The UniFi has only the single ethernet port, so much of the OpenWrt documentation is a little confusing. Most of the documentation is written with the idea of routers which have a WAN port, a LAN wired switch and the WLAN wireless. Clearly the Unifi doesn't have the wired LAN switch.

After flashing (I found r41163 worked while the 12.09 version had the XM problem discussed above and editing the characters 4-6 didn't fix it) I was able to connect via wired ethernet as described in FirstLogin (i.e. there is a DHCP server handing out IPs in the 192.168.1.X subnet, running on the ethernet port).

After changing the password and exiting, I had to wait a while (60 secs?) until I could ssh back into the box. That was strange because I thought I'd lost networking … I think that is due to a long-running first time ssh key generation. Even so, each ssh in takes a long time to respond (something about recent versions of dropbear taking a long time to setup a session key). I found LUCI not installed, so I had to work to get internet access on the box before I could use that.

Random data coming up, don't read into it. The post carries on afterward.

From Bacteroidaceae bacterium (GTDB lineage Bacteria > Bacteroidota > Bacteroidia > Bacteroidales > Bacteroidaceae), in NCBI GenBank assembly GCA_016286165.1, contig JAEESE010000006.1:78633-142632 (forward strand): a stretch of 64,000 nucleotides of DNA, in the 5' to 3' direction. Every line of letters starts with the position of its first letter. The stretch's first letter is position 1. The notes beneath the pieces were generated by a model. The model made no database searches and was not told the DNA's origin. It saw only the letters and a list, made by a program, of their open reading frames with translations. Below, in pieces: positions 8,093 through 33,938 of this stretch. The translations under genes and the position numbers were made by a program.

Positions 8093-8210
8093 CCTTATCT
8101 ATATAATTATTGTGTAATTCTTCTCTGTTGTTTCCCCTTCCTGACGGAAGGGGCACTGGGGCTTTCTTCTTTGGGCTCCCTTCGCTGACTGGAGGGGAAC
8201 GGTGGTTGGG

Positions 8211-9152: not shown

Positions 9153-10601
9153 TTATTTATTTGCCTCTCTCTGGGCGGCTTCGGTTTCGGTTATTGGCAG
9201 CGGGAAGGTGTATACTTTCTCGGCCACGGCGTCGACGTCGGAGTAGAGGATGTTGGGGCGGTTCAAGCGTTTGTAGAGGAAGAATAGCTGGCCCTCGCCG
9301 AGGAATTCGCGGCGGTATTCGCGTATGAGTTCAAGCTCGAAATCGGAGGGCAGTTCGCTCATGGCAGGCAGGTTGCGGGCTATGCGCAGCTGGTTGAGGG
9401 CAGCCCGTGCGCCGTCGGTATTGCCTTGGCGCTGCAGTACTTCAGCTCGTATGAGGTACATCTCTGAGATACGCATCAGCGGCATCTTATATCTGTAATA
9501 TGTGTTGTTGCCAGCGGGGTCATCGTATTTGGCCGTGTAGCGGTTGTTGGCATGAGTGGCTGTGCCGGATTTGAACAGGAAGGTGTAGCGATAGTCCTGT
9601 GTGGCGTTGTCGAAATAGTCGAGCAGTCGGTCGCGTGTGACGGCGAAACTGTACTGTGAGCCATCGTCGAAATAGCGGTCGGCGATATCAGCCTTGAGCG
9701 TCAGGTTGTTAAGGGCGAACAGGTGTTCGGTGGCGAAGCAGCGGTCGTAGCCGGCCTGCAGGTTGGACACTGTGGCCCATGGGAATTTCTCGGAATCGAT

Once ssh'd into the box I followed these steps: 1. Enable wireless, using commands at top of the UCI wireless config page. This enables the radio. The radio is bridged to the lan network. 2. Connect to the wireless network, disconnect the wired from your computer, and ensure that you can ssh in via the wifi. 3. Swap eth0 and eth1 between lan and wan. The default configuration has the ethernet port on the lan network. But if you are going to plug the Unifi into a cable modem (for example) to use it as a router, then you want the ethernet port to be the wan network (and to seek a dhcp assigned address). I edited the /etc/config/wireless file changing etho in the lan section to eth1, and eth0 in the wan section to eth1. Quite honestly I'm not sure that this is perfect (since there isn't an eth1 on the Unifi, but it worked for me). 4. Restart networking (/etc/inid.d/networking restart) 5. Connect the ethernet lan on the PoE injector to the cable modem. Remember nonsense about having cable modem off for 20 seconds or so to give out an IP to a new MAC address. 6. Connect back to the OpenWrt Wifi. 7. ping google.com. yay.